Many years ago a friend's niece came visiting and we ended up swapping family history, in particular about our respective ancestors in Caithness.
At the time there was no apparent connection, but the name of one of hers stuck in my brain cells as being particularly unusual - Mary Wochab GEORGESON.
Some 10-15 years later my interest in Mary and her family has risen as research into the GRAY family of the Mybster Inn, and their extended family, led me back to her.
This time round, with a bit more digging, I've decided that she is indeed of the same family of GEORGESONs as mine.
Her ancestor William has been decreed (by me) to be brother to my Donald - well on the balance of probability anyway, given the circumstantial evidence. 

The friendly Caithness Family History Society mailing list also came to the rescue as to why she may have such an unusual name - an alternate spelling of Wauchope, a village in Dumfries.
So I'm going to ascribe the name to a Dumfries shepherd who had moved north to Caithness with sheep after the clearances. Which family member had the hankering for home has yet to be determined however.
My posting also resurrected correspondence with a descendant of William's. Pays to advertise - and to ask questions.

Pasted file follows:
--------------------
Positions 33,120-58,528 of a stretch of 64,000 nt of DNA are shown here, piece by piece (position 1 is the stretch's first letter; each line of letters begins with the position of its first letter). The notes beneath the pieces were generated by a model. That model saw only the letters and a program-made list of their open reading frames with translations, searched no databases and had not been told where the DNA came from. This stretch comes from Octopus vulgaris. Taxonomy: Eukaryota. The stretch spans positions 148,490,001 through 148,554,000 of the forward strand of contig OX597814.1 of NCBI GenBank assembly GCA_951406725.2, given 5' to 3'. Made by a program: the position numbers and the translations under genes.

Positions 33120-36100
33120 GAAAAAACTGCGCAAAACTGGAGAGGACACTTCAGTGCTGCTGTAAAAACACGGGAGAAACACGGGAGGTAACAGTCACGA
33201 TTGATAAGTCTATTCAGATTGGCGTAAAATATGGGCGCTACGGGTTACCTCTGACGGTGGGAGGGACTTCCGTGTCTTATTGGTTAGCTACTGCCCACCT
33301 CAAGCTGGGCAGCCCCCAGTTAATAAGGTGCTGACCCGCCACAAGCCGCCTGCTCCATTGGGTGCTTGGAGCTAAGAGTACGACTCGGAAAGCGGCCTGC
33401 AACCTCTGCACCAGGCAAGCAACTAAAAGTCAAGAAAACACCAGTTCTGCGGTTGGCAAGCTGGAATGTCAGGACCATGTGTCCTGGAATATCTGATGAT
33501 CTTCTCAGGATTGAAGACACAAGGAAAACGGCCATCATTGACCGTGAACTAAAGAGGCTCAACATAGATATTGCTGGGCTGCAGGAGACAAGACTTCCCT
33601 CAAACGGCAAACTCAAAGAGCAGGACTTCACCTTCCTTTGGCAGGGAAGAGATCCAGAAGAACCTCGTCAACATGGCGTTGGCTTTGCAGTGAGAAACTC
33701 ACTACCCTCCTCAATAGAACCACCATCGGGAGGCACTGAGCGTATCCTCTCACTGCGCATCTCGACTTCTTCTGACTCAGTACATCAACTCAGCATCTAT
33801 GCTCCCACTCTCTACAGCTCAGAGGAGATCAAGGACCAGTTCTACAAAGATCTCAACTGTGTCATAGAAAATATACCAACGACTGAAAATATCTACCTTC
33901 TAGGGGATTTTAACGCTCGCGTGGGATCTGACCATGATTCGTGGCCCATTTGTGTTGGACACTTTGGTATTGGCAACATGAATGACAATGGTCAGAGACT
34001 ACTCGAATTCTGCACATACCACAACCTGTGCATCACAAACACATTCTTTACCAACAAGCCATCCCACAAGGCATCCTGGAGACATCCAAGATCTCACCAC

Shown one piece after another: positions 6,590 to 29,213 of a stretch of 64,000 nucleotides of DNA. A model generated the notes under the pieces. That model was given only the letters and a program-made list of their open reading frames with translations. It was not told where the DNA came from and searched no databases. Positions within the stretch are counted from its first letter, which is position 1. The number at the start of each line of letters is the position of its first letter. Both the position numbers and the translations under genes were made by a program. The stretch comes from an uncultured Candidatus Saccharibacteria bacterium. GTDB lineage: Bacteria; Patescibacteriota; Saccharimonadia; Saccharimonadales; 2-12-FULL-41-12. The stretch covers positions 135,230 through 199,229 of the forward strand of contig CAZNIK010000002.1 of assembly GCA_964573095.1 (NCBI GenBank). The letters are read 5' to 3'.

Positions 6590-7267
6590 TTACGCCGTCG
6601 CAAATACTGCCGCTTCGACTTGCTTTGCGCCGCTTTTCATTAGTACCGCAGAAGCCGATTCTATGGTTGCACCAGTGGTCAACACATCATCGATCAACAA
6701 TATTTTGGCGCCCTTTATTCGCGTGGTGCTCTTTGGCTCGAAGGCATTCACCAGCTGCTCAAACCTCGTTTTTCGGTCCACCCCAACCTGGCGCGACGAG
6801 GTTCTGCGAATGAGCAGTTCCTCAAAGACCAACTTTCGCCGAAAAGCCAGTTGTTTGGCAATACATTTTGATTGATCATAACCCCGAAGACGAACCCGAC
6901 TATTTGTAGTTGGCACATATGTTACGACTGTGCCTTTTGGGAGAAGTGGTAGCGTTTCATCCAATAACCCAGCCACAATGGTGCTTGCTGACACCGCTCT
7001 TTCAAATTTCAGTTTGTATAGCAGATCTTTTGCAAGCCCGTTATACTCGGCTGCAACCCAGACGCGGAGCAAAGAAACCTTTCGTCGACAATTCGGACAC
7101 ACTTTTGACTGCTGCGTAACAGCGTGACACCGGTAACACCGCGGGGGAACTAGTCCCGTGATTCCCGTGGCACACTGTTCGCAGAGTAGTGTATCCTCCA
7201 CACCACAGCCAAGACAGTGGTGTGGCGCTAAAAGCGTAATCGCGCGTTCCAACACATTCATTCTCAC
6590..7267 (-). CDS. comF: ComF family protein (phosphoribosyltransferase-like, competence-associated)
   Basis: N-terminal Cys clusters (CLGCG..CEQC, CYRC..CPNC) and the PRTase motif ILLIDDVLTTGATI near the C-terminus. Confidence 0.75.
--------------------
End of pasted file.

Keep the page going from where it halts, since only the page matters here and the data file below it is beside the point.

Saturday, 9 November 2013


One of the reasons touted for using genetic genealogy aka DNA testing is to focus attention on lines that match.
Well that's the theory anyway.
For Y-DNA, a mismatch when a match was expected just tends to make me want to explore further.
For FamilyFinder I keep straying off to try and figure out the unfigurable, but having a lot of fun in the process.

This post is prompted by a set of FamilyFinder results from Harry, a 4th cousin.
They clearly show the expected relationship to my 2nd cousin (his 4th) at a predicted "2nd to 4th cousin level", but I only show up as a predicted 5th to remote cousin.
Such is the randomness of atDNA.
Our shared papertrail traces back to the Scottish Borders from my paternal great grandmother Helen Sinton WIGHT.

But wait there's more.
My match is actually not from the known paternal side of our shared ancestry - other than some small segments shared between the three of us under the FamilyTree DNA radar, but can be spotted when comparing raw data on GedMatch.